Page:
Emmanuel Jal, author and hip hop artist, will be talking about his book War Child at Edinburgh Book Festival. It is likely to be an unforgettable experience.
Writing is never easy but it is hard to imagine other authors in this year’s programme have gone through so much to get words on paper.
Writing was physically painful for Emmanuel Jal. Reliving his experiences as a child soldier was so traumatic he had a nose bleed every morning before he started work. He kept going because he believes his story can help to build a school in his hometown in Sudan. The result is a message of hope for young refugees everywhere.
The book, War Child: a boy soldier’s story, is now printed and published (along with the movie and the album). Words can be weapons but the hip hop artist uses them to make peace and mend wounds. If you listen to this short clip here – just a fragment of a longer conversation with two young Somali refugees in Glasgow – you will get some idea of what awaits the audience at this year’s Edinburgh Book Festival on Saturday 15 August.
Against all odds Emmanuel Jal speaks with humanity, hope and humour although he lost his childhood in a war that destroyed human kindness in almost everyone he met. He says it was a “jungle” where circumstance forced people “to do things they would normally consider barbaric”. This jungle also provided him with the resources it takes to survive as a refugee in a strange land. In London or Glasgow or Edinburgh.
The boy who became a soldier when he was six or seven owes his survival, education and eventual enlightenment to a British aid worker, Emma McCune, who tragically died not long after rescuing Jal and giving him a new home in Kenya.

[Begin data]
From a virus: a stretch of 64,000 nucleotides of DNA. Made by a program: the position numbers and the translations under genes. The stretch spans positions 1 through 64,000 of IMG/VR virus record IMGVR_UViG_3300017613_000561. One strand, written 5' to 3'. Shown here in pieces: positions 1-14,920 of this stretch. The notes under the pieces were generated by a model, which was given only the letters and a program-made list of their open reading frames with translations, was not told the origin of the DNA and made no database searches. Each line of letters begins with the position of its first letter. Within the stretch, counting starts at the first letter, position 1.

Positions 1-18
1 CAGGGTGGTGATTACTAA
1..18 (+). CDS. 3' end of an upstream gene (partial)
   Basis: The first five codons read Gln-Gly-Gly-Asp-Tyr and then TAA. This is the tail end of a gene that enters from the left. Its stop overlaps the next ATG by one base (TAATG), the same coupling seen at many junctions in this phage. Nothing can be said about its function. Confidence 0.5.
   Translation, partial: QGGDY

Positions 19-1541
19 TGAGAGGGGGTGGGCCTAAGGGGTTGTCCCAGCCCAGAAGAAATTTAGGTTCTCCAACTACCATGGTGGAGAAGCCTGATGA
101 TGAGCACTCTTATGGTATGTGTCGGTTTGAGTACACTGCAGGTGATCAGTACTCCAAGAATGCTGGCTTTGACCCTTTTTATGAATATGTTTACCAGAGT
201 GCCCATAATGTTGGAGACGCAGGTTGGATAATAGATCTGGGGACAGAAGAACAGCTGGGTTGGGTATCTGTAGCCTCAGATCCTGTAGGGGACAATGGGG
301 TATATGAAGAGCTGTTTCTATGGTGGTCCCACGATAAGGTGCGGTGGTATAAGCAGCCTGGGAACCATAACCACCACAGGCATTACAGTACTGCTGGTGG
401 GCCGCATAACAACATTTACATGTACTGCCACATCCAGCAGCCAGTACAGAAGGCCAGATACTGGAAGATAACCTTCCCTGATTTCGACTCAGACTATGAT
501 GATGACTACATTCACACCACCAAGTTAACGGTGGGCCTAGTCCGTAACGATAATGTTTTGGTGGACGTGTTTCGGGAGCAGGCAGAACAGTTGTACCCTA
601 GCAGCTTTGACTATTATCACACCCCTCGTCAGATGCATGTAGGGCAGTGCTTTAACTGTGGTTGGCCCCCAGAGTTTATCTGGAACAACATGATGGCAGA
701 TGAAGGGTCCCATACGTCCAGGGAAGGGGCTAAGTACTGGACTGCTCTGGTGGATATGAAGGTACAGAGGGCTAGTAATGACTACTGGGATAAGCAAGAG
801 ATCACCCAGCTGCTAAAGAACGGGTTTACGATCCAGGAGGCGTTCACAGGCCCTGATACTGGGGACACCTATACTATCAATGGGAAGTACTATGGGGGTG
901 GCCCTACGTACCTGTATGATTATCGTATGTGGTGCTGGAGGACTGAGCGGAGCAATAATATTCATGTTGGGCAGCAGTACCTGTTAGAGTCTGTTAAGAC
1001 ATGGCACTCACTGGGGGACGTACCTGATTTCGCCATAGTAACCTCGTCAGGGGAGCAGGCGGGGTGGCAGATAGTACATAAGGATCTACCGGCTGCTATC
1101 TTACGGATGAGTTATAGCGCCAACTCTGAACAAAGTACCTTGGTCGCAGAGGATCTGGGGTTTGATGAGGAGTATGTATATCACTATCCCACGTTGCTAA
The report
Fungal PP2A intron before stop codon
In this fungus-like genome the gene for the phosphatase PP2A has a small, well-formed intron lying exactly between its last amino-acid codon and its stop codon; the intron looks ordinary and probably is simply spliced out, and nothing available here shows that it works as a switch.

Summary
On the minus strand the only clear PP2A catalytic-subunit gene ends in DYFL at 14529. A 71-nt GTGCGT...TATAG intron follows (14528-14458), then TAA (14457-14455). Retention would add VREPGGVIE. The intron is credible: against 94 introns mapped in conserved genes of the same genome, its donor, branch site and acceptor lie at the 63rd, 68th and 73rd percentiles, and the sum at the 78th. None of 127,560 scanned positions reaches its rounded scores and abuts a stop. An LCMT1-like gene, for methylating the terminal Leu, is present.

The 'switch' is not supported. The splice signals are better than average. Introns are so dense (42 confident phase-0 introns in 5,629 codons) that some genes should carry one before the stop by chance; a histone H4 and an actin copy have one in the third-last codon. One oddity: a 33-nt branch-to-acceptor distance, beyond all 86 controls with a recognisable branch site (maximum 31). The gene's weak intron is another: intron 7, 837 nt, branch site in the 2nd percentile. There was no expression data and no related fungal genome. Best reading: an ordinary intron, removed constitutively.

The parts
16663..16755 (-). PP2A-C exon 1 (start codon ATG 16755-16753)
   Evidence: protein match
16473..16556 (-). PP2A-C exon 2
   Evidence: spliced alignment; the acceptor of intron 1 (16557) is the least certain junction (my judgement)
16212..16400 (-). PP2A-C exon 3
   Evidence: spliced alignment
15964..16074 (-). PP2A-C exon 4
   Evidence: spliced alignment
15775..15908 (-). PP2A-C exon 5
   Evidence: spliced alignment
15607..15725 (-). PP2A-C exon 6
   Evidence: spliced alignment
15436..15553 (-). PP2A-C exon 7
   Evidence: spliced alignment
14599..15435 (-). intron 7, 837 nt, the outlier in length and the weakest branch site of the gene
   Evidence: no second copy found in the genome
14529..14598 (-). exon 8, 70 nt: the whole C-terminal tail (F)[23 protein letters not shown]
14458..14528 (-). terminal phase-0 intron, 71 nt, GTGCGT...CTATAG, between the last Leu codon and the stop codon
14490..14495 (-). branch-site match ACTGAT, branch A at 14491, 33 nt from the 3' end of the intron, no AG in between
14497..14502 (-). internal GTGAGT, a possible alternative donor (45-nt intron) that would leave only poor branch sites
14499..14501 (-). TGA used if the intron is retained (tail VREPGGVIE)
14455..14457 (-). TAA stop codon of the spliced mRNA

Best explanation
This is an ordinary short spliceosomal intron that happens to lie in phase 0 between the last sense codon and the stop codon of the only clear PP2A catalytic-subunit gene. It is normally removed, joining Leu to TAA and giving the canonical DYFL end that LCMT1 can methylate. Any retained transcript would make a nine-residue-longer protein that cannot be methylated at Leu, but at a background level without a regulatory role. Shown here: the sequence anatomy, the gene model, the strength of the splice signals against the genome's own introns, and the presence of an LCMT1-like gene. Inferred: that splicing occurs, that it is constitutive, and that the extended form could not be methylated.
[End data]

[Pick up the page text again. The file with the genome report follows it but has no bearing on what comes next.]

Jal’s big mission now is to build the Emma Academy in Leer, Sudan, funded by his music, his book and a campaign called “Lose to Win” during which has pledged to eat no more than one meal a day until he has raised enough money to build the school.
“Education” he says, “is the only way to change things.” Perhaps most movingly of all he advises the two young Somali refugees to make the most of their opportunities. “Be thankful. Learn as much as you can.” All of them have what it takes to change the world. “We have stories to tell that people have to hear.
In Emmanuel Jal’s case the story is literally written in blood.
Listen to the full podcast on RadioMagnetic – recorded during the Aye Write Festival in Glasgow in March 2009 when Emmanuel Jal was taking to Muhammad Ali and Muhammad Ibrahim, students at the Bridges Programme in Glasgow.